It is due to this promise and relationship with Palestine that France was the first nation to outwardly declare that it would vote in agreement for a Palestinian bid for statehood at the United Nations on November 29. France was thus one of the 138 nations to vote yes on the issue that granted Palestine its new status as a non-member observer state. While this status would not give Palestine a seat in the General Assembly, it would offer them the opportunity to participate in several United Nations bodies, and, most importantly, grant them the ability to bring to justice any human rights violations committed by Israel in the International Criminal Court.
It did not come as a surprise then that Canada—along with eight other nations that include the United States and Israel—rejected the motion, as the country has had a long history of unconditional unilateral support for Israel and its policies. Its foreign relations with Israel have always consisted of staunch support for the country: since 1948 they have been providing them with armament, and impeding United Nations resolutions denouncing Israel for the building of illegal settlements in the West Bank (Engler, 2010; 45).
Today, the Conservative Government’s Prime Minister, Stephen Harper has openly declared his support on several accounts, and author of The Ugly Canadian: Stephen Harper’s Foreign Policy, Yves Engler declares that Harper’s policies make Canada the most pro-Israeli government in the world diplomatically (Engler, 2012; 113). Canada was the first nation in 2006 to restrict aid to the Palestinian Authority, the political party governing the West Bank, and the Prime Minister has gone so far as to defund NGOs and charitable organizations that support Palestinian Human Rights. In 2010, the government controversially repudiated grants to Montreal-based agency Rights & Democracy, deeming any critique of Israeli actions anti-Semitic. Other examples of de-funded groups and organizations are the UN Agency for Palestinian Refugees, B’Tselem, and even Montreal-based Alternatives.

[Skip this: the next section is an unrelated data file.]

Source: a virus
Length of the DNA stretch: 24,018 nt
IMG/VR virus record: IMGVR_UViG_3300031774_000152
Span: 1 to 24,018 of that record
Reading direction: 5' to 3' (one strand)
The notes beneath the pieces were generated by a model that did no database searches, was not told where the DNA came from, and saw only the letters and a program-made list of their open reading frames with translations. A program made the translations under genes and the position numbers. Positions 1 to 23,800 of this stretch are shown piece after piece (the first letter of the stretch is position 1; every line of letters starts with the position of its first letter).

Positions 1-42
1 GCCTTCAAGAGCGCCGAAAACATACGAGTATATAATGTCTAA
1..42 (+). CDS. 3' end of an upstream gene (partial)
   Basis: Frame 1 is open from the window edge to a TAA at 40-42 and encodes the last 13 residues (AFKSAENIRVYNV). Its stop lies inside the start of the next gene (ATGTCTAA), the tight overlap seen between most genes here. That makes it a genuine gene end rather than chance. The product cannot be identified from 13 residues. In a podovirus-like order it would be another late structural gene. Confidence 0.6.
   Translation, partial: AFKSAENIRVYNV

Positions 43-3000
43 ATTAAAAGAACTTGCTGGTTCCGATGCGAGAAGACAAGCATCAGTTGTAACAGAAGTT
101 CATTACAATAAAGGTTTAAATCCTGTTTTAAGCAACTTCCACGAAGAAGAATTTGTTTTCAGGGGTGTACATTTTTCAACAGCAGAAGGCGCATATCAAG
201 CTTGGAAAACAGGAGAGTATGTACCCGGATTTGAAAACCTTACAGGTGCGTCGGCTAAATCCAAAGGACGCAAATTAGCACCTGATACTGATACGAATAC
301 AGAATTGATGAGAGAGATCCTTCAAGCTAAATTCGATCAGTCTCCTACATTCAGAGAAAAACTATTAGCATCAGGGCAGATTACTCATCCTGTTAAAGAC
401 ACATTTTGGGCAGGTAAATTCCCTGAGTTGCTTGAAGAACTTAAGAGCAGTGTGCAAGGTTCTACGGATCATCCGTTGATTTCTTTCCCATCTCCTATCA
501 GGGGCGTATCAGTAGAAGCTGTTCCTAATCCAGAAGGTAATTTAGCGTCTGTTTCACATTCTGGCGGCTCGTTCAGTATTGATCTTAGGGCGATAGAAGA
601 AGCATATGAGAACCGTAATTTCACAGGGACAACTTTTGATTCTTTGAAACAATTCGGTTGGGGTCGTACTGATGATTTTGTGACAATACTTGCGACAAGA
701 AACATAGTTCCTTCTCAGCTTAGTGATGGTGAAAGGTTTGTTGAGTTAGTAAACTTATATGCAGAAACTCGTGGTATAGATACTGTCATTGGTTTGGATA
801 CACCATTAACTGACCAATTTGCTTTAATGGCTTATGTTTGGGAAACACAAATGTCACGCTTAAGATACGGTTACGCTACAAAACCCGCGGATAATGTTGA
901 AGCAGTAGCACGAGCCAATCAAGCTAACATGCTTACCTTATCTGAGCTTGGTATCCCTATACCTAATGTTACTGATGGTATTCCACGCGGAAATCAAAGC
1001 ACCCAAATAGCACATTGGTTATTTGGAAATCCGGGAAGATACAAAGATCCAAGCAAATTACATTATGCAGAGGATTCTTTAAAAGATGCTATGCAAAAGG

De-funding of organizations such as these only hinder the process of reaching a peaceful agreement. Especially after the recent violence in the Gaza strip this November, there has never been a more crucial time for an end to a conflict that has endured for more than half a century.
This is why it is so tragic that the AIC’s office in West Jerusalem—despite all of the appraisal that it has recently received—is closing due to underfunding. Due to the economic downturn that has pervaded all throughout Europe since 2007, funds allocated to AIC this year have been almost halved. It would be all too unfortunate for such an important organization to have to close one of its offices, so any financial help that it could receive would be beneficial in helping keeping it prosper. The AIC has come too long of a way to see its offices close, and it is too essential a time for its work to be underfunded.
If you would like to help, please visit their website here.
De La Gorce, Paul-Marie. "Europe and the Arab-Israel Conflict: A Survey." Journal of Palestine Studies 26.3 (1997): 5-16. JSTOR. Web. 28 Nov. 2012. <http://www.jstor.org/discover/10.23...> .
Engler, Yves. Canada and Israel: Building Apartheid. Black Point, N.S.: Fernwood Pub., 2010. Print.
Engler, Yves. The Ugly Canadian: Stephen Harper’s Foreign Policy. Vancouver, B.C.: RED Pub., 2012. Print.
Moore, Joy. "Canada’s Pro-Israel Policy: History and Politics." (n.d.): n. pag. Dawson College, 09 Nov. 2012.